The Qualities of a True Friend

842 Words4 Pages
Friendship is an everlasting bond that demands love, trust, and making sacrifices. It is a mutual union in which people expect selfless support and motivation from their true friends. The bond can, however, only last if friends are there for each other in good and bad times. Friends do not only help each other in overcoming challenges, but they also bring happiness in one’s life. Friends are an essential ingredient to live a prosperous social life. In the novel Frankenstein Shelley expresses the worth of friendship through Henry Clerval’s self-sacrificing support for Victor. Clerval goes beyond his limits to assist Victor in sickness and difficult times. Although Walton longs for Victor to become his true friend, Victor should be the least desirable friend in anyone’s life. It is better to have an enemy than an insidious friend. Victor does not have the capacity to be a true friend because he alienates himself, he is selfish, and he does not trust anyone, even his family.

Victor Frankenstein is not capable of being a true friend because he desires to live in isolation. He chooses the goal of creating life over his family and the society. He deprives himself of “rest and health” and gives total attention to his scientific studies in Ingolstadt (57). Victor chooses to alienate himself as he sets up his laboratory “in a solitary chamber, or rather cell, at the top of the house” (52). This isolated laboratory reveals that Victor prefers to be alone. He does not care about his family or Clerval. He cannot be a true friend because he does not maintain any contact with Clerval throughout his studies until he becomes severely sick after creating the monster.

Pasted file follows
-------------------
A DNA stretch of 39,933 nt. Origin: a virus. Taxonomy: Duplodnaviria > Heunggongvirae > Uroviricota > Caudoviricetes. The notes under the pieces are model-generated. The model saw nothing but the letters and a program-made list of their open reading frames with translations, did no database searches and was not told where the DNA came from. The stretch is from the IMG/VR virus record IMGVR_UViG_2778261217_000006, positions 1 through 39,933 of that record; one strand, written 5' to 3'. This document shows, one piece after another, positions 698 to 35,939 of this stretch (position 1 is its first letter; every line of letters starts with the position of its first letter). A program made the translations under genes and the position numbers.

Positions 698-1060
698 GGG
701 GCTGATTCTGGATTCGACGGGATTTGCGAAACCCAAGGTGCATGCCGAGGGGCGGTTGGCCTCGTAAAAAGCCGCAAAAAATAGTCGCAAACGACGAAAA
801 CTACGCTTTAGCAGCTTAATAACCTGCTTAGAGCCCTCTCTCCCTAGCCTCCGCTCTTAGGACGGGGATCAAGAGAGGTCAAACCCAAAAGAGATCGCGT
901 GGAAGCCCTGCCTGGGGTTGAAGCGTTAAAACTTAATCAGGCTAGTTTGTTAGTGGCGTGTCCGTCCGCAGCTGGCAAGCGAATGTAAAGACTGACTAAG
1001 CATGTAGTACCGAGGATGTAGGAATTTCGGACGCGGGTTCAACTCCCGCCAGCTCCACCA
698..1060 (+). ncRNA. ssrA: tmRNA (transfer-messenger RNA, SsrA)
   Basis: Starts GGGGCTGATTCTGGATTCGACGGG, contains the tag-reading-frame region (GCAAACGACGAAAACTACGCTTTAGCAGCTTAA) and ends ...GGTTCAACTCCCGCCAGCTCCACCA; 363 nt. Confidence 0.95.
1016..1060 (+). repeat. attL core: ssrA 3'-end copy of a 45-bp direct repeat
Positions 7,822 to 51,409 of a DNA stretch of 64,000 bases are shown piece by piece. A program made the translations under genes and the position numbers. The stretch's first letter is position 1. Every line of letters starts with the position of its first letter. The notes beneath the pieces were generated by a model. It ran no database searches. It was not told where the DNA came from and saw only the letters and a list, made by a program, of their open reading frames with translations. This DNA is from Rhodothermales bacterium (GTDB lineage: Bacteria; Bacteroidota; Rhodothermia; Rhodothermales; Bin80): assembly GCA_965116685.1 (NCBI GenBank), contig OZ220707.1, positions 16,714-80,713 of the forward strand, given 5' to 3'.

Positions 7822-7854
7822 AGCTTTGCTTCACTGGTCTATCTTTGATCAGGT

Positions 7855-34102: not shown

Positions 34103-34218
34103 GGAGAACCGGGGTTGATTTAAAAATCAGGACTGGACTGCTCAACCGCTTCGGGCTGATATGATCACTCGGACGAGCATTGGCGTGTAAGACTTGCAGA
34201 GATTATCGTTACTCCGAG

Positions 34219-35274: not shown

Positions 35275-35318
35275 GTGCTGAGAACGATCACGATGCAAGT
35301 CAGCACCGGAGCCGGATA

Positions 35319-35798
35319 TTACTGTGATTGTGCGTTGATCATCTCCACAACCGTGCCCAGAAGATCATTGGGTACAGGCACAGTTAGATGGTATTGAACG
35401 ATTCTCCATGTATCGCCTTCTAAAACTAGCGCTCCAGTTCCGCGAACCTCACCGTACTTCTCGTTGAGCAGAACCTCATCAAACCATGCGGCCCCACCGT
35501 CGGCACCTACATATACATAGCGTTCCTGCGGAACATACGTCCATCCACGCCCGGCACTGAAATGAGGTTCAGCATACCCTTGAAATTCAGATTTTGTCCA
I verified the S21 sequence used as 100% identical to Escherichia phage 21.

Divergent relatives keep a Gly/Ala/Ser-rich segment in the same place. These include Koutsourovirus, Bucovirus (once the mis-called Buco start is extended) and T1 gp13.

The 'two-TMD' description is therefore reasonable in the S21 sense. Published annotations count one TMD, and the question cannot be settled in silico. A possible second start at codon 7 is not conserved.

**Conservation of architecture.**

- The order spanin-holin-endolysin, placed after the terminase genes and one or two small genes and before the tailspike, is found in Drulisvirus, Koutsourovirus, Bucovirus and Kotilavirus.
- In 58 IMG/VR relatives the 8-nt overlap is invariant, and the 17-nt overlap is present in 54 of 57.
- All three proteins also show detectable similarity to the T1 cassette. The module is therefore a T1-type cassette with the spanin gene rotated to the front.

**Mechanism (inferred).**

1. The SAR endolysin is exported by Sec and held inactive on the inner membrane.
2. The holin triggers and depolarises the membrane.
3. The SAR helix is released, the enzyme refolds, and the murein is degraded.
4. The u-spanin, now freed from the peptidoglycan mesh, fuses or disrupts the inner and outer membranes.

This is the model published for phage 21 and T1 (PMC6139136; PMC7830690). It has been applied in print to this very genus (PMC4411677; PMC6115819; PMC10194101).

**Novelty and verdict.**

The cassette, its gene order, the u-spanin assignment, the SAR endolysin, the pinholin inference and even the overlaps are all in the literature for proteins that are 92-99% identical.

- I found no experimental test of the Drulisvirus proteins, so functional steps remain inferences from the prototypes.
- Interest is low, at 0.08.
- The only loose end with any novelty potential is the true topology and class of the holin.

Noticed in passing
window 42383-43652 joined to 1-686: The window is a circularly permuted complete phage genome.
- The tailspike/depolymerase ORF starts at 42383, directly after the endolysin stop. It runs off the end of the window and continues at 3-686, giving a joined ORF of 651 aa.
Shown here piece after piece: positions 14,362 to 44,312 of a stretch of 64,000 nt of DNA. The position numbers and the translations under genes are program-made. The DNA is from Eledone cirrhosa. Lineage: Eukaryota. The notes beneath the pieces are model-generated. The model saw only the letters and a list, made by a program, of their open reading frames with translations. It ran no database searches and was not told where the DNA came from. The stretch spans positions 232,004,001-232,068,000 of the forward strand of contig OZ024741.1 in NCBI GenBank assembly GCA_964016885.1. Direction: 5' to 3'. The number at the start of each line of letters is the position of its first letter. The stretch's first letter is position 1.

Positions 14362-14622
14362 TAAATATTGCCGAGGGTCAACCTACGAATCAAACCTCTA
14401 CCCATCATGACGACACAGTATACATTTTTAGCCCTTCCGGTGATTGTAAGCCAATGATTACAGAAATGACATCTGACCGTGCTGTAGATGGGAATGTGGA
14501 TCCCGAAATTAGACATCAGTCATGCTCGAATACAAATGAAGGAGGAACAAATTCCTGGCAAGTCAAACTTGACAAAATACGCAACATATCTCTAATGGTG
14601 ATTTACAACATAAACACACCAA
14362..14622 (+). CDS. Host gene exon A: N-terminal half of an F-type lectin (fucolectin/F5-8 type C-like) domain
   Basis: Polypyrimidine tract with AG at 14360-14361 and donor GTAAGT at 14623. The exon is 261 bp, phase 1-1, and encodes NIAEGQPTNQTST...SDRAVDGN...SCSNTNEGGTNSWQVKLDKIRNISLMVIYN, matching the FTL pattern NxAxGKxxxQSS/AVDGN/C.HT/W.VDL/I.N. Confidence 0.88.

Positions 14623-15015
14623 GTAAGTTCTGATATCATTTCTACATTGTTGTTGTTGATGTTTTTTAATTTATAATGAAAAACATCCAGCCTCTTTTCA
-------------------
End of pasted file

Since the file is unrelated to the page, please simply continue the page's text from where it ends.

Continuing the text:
After William’s death, Victor chooses to live in solitude rather than with his...

... middle of paper ...

... never comes to know the truth behind their trip. Victor’s lack of trust forces him to abandon Henry despite being aware that the monster is killing his companions. Thus, Victor is not capable of being a true friend.

Although Victor Frankenstein is a protagonist in Shelley’s novel, he does not have the capacity to be a true friend. The desire to unveil the secret of life transforms him into a lonely person. He prefers to live in isolation rather than with his family. Victor risks the lives of his companions in order to protect himself. He is selfish and filled with self-pity despite being aware of the creature’s circumstances. Unlike a true friend, Victor does not trust Clerval to share his secret. He is dishonest and puts Henry’s life in danger to overcome his own problem. Ultimately, true friends are rare to find, but they are as essential as food in our lives.
Open Document